I am not making any of this up.
After that epic but painful opening, Rudolph and Frosty spend most of their time trying to save a circus, which is at risk of being taken over by a mogul named Sam Spangles (he’s earned the right to be that fabulous). Ethel Merman sings songs while dressed up as a cowboy shooting birds. Santa Claus and his wife get caught in a tornado and presumably die for a little while. Rudolph does glitter drugs. A band musician has an upside-down pentagram on his hat. And there are some horrible Native American stereotypes that ensure this should never be shown on television in 2018.
But how can snow people hang out at the beach in the middle of summer, you ask? Because Thunderbolt gave Frosty, his wife, and their two children—yes, the snow fucks—magical amulets to keep them alive. But not for long. After spending most of the movie in a panic, fearing that he and his loved ones are going to die, Frosty dies. Twice.
But we’re here to care about literally none of that, because a) Frosty’s fine, and b) there is one actual saving grace in this entire motion picture that I have to share with all of you.
This is Scratcher, one of a few original characters created for Christmas in July. And for the love of Christmas, this guy needs his own Hulu series. Voiced by Alan Sues (Rowan & Martin’s Laugh-In), Scratcher is an “evil reindeer” that Santa kicked out of the troop for speaking his mind...and maybe stealing some shit, it’s hard to tell. He’s silly, he’s sarcastic, and he’s such a snarky little bitch that he’s basically my Patronus.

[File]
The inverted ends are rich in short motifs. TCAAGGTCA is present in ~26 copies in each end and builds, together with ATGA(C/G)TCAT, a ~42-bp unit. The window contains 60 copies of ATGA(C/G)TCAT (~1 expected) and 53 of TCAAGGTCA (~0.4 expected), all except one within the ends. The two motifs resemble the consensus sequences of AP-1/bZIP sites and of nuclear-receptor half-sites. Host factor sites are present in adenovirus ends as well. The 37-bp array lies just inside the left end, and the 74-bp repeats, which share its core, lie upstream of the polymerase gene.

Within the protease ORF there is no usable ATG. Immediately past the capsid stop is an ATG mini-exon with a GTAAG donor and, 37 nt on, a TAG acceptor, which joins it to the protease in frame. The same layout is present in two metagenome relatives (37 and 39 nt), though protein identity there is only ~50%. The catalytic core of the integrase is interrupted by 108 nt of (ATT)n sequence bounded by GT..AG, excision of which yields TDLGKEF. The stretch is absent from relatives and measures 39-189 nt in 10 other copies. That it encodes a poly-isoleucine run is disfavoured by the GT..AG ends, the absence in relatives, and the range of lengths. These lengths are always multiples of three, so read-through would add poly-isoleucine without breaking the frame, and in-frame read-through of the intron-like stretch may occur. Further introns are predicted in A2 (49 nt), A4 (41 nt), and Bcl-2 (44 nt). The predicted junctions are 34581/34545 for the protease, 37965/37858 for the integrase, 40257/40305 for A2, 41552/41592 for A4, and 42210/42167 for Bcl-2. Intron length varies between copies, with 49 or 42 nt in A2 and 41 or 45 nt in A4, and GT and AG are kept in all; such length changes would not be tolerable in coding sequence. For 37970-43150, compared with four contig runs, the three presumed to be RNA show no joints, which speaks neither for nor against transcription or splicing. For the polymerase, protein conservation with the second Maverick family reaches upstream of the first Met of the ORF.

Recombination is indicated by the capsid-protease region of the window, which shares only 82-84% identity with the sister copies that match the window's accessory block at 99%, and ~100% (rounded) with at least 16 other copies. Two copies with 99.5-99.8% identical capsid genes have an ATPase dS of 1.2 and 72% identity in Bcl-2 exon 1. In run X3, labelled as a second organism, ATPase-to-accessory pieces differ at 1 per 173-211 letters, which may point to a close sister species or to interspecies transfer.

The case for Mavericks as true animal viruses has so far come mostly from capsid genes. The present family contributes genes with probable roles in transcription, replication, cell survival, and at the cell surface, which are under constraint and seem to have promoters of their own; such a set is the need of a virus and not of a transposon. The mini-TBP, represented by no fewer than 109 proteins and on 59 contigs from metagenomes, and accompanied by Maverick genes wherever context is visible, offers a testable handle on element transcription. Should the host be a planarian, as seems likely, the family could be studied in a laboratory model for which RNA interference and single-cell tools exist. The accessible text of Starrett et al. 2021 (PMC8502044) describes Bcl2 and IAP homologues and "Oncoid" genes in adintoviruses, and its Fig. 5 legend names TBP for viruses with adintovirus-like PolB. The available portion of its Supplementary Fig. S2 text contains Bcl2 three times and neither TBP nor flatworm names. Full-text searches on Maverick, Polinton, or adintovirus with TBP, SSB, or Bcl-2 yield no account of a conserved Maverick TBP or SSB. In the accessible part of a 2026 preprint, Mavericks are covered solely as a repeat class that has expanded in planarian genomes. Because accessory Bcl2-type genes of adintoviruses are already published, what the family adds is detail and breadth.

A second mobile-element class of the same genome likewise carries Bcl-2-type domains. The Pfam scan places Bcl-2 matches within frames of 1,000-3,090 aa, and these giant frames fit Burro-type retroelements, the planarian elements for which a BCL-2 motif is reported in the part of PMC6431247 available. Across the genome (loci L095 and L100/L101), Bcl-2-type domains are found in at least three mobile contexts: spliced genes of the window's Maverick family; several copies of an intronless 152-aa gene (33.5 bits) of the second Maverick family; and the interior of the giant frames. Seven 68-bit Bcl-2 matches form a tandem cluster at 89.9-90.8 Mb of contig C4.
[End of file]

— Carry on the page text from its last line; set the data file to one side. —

Thunderbolt finds Scratcher at this sort-of seedy hotel/maybe prison for awful Christmas characters, hiring him Boba Fett-style to infiltrate the circus and ruin Rudolph’s life from the inside. Scratcher succeeds, reports back to Thunderbolt, and is never seen again. For all we know, he’s still out there, hiring himself out as the perfect Christmas assassin. Kicking arse and taking holiday treats. Where’s that reboot, Netflix? Giving us that Dark Crystal prequel noise, when the story of Scratcher the Evil Reindeer is just sitting right there? I take that back, I’m really excited about Age of Resistance. But still, Scratcher. He’s the man.
I’m not going to tell you anything else about Rudolph and Frosty’s Christmas in July—not about how Frosty and his snow family are saved from a fate worse than death, or how it involves Jack Frost arriving Captain Marvel-style, not to mention a giant whale with a clock on its arse (because it does). Instead, I’m just going to encourage you to watch it for yourself. It’s on Amazon Prime and it’s really cheap to rent. But the memories are priceless. Forget Kurt Russell smacking his Santa-clad buttocks. This year, it’s about Rudolph snorting a bunch of glitter to relive the good old days.
Oh, you thought I was kidding about the Rudolph thing?
Happy Holidays from Rankin/Bass.